Consumer Reports writes in support of LD 1945, Amendment H-1018, to protect the privacy of biometric information. Though the collection and monetization of Maine consumers’ personal data has dramatically expanded over the last thirty years, consumers have almost no say over whether their biometric information will be shared by a company with countless others. This important proposal will protect biometric information, by default, will ensure that consumers cannot be charged for protecting their data, and provides appropriate incentives for companies to comply.
Biometric data clearly warrants these additional protections. Collection and retention of such data leaves it vulnerable to disclosure. Biometric data is commonly used to confirm consumers’ identity and can easily be exploited for identity theft and fraud purposes. Unlike a credit card number, the consumer’s biometric information cannot be changed, making its unwanted disclosure all the more dangerous. But concerns about inappropriate disclosure go far beyond its potential misuse for the purposes of fraud. Aside from the inherent privacy interest in keeping this information private, the disclosure of biometric data—for example, of voice recordings—could lead to reputational or emotional harm. Particularly in light of the plethora of data breaches in recent years, biometric data should have these additional protections.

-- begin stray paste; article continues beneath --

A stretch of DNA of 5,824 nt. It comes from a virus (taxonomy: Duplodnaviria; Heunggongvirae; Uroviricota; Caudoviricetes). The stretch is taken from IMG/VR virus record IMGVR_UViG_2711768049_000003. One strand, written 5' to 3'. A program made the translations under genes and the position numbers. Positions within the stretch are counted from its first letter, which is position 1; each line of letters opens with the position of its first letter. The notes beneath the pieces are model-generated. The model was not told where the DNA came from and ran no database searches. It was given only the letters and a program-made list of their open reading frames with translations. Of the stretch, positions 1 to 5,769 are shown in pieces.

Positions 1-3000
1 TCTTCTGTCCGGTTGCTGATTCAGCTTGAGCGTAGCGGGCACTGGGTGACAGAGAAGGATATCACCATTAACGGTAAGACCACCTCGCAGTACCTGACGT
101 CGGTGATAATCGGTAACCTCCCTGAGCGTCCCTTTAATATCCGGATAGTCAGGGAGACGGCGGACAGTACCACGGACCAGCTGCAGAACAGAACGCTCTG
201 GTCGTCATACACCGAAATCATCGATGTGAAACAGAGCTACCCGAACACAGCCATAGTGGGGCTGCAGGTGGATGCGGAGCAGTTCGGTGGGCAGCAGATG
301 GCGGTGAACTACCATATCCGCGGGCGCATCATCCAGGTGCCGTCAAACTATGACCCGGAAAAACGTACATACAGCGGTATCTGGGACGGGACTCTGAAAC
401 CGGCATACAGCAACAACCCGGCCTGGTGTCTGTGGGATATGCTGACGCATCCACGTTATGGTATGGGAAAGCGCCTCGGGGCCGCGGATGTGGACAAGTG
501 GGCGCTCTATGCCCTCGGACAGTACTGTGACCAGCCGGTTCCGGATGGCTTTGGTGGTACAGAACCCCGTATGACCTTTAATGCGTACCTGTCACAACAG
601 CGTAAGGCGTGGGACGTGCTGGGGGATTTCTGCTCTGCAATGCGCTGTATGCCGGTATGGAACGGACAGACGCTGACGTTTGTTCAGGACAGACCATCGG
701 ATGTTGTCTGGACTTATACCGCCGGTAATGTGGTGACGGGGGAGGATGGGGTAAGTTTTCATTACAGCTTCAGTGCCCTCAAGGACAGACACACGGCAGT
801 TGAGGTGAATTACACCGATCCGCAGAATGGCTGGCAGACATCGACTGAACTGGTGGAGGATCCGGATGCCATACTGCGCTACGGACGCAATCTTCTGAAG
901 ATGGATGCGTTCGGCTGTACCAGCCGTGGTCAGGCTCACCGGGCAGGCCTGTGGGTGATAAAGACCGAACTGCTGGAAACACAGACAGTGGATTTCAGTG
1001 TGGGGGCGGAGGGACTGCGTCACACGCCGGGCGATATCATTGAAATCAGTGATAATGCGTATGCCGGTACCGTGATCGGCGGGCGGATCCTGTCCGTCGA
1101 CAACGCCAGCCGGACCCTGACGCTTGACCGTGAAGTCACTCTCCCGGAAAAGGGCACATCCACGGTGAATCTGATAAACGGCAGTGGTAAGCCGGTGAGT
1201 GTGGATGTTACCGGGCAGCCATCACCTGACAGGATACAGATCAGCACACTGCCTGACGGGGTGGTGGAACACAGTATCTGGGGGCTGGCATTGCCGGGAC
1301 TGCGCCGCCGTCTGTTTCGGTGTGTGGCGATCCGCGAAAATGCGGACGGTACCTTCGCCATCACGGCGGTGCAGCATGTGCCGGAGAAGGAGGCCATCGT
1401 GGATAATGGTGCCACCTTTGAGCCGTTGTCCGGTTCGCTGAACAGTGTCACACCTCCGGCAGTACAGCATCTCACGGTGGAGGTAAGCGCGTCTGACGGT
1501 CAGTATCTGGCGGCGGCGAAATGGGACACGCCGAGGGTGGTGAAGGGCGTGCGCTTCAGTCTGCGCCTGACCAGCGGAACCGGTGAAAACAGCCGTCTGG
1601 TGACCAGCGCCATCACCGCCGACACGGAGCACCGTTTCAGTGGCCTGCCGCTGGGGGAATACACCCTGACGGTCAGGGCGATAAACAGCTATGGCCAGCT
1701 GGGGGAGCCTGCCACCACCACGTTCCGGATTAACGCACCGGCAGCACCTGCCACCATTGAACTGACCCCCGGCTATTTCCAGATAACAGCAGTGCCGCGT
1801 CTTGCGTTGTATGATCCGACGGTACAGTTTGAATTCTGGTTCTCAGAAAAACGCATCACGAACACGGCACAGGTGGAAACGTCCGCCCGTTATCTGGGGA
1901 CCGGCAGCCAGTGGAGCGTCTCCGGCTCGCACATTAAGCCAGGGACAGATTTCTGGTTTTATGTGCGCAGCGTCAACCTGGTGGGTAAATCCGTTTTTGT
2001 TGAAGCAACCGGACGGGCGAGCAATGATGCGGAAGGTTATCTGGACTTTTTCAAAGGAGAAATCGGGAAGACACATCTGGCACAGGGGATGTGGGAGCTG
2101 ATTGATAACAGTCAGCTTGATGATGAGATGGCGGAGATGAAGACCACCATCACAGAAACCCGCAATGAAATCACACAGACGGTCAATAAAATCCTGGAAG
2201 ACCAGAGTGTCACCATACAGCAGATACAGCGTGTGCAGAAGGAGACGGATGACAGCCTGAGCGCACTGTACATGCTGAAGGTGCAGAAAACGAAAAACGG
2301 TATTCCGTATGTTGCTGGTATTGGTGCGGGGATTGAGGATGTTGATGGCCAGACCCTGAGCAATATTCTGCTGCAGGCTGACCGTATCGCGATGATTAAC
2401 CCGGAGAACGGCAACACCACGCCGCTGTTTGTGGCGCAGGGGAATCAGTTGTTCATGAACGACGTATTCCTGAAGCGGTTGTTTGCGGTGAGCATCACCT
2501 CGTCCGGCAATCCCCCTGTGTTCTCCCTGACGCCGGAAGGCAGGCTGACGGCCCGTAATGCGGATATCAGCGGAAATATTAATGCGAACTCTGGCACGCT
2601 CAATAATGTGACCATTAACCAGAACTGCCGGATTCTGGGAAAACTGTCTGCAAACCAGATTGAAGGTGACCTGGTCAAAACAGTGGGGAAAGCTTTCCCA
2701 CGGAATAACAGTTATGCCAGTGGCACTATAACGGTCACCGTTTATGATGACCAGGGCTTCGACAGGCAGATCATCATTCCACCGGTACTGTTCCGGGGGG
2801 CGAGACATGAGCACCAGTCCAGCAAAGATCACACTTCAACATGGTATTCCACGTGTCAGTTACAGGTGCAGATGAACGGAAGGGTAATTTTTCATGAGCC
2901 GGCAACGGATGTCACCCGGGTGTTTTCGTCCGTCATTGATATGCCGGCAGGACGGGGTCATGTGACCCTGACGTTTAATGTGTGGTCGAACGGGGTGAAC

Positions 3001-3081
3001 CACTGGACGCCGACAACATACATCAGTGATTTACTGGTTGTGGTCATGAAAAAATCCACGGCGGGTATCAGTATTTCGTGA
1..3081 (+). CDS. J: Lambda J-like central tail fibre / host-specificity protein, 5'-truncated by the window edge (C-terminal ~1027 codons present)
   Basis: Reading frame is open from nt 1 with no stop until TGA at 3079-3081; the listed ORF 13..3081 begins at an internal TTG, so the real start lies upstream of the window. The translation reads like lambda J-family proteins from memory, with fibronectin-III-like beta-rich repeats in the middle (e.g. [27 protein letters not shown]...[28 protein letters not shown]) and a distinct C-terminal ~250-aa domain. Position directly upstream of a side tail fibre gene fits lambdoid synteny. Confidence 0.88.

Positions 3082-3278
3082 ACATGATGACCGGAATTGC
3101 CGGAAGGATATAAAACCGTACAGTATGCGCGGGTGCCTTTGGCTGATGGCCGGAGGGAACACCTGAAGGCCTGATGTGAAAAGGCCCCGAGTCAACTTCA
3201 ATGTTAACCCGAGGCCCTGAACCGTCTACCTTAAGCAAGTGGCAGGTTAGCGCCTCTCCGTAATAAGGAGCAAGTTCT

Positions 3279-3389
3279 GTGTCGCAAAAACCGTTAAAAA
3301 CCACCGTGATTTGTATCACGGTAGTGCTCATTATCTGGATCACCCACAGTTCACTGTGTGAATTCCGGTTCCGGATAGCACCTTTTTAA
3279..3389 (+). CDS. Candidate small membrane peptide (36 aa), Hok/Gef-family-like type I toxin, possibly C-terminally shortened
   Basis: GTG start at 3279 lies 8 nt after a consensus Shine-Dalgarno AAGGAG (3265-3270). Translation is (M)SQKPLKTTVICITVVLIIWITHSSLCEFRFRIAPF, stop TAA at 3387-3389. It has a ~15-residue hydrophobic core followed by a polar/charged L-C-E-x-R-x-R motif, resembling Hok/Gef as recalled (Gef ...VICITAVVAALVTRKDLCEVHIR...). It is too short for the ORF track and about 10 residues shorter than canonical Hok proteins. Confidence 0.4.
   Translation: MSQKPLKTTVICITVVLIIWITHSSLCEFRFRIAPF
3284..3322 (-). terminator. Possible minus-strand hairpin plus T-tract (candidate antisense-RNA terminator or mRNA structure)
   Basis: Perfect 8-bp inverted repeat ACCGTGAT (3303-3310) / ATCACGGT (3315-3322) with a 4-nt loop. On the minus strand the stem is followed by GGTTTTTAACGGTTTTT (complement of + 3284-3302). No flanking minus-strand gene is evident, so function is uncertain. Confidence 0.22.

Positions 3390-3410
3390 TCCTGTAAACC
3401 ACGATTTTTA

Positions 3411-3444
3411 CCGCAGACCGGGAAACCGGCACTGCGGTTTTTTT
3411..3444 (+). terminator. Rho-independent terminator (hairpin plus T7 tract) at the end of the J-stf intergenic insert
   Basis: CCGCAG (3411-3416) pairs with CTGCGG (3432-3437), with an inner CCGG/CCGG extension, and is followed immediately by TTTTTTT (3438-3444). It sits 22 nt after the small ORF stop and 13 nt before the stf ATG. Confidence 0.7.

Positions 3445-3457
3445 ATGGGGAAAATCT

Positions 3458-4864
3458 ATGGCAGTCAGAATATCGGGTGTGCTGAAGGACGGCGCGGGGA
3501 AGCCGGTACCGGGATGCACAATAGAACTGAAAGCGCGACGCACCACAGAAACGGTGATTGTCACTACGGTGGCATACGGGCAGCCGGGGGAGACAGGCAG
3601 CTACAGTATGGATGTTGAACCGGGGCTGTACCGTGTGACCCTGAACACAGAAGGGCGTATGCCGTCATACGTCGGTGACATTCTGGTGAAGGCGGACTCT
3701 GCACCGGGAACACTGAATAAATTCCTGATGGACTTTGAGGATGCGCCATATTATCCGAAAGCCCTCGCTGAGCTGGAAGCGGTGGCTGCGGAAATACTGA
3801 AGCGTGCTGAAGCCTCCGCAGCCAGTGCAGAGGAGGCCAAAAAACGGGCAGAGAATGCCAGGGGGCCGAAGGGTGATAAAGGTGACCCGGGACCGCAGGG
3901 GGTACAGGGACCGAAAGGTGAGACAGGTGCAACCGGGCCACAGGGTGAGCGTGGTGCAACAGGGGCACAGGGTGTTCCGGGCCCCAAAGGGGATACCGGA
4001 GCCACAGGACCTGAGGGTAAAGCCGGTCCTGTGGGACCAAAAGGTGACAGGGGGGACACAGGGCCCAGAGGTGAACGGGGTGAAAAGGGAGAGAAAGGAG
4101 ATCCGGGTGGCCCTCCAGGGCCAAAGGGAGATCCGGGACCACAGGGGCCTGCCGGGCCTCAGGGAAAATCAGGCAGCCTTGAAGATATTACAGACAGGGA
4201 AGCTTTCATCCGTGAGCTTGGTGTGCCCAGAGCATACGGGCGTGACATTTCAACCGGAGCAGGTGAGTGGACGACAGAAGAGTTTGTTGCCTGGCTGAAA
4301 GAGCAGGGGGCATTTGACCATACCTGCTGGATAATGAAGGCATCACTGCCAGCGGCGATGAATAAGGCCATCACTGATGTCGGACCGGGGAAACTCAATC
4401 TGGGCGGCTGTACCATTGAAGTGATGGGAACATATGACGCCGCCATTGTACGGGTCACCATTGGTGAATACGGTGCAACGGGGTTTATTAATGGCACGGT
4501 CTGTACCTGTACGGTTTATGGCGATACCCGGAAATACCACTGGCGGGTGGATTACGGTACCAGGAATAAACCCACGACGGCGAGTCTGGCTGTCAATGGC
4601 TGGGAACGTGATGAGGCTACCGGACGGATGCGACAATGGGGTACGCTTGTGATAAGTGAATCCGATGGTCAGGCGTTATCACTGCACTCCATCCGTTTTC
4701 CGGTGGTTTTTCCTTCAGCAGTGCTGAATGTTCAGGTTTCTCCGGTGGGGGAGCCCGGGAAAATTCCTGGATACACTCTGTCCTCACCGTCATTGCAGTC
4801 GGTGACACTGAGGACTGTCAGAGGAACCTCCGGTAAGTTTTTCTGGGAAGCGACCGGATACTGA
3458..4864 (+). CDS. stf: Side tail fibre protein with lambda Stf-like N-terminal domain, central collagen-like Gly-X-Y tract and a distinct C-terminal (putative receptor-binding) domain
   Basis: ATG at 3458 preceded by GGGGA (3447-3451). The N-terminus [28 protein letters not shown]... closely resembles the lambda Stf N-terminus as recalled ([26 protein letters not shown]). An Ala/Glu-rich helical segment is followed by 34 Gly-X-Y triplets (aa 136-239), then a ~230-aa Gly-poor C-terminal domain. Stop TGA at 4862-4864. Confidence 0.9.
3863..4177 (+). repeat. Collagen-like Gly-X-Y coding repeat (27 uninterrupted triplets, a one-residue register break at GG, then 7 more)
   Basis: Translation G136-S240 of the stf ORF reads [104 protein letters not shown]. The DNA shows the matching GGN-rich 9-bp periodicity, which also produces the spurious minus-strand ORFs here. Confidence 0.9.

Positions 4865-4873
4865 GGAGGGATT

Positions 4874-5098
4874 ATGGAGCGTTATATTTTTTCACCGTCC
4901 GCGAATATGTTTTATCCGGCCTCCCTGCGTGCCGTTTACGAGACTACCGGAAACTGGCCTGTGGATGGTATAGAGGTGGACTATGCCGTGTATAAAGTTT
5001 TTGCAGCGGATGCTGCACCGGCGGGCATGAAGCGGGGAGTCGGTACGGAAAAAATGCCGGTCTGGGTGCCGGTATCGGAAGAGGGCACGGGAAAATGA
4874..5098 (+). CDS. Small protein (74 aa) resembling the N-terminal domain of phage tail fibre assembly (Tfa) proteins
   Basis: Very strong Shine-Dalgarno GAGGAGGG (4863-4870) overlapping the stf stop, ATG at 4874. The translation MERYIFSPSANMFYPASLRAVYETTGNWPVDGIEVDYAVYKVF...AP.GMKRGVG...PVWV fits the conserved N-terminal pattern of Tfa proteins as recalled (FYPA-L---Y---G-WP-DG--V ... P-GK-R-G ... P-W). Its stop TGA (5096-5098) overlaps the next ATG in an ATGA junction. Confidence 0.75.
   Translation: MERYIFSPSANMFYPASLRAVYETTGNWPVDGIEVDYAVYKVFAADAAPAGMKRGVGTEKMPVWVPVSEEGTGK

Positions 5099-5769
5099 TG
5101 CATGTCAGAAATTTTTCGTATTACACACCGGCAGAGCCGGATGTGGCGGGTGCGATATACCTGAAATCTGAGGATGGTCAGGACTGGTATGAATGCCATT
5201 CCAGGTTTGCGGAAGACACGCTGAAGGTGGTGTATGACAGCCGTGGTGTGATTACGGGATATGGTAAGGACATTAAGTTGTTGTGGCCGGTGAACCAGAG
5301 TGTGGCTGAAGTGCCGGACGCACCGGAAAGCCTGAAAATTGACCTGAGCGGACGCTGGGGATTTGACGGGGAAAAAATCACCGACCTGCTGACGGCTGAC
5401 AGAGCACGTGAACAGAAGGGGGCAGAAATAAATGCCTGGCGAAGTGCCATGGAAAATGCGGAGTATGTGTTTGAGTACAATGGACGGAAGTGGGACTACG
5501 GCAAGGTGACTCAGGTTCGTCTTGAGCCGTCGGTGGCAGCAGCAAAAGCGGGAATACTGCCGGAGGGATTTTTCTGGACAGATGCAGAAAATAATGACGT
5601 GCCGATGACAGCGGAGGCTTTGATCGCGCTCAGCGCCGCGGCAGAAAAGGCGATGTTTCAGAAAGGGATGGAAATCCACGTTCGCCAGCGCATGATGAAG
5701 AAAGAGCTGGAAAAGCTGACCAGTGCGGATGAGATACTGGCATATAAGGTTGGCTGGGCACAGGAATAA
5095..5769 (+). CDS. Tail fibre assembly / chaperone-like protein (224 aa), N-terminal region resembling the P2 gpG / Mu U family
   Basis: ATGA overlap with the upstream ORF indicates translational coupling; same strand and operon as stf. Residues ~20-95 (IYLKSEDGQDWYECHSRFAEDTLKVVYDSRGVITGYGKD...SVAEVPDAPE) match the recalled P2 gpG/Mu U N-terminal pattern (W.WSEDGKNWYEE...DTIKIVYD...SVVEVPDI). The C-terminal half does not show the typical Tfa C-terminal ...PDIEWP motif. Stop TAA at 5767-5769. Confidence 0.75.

For the full letter, please see the attached PDF.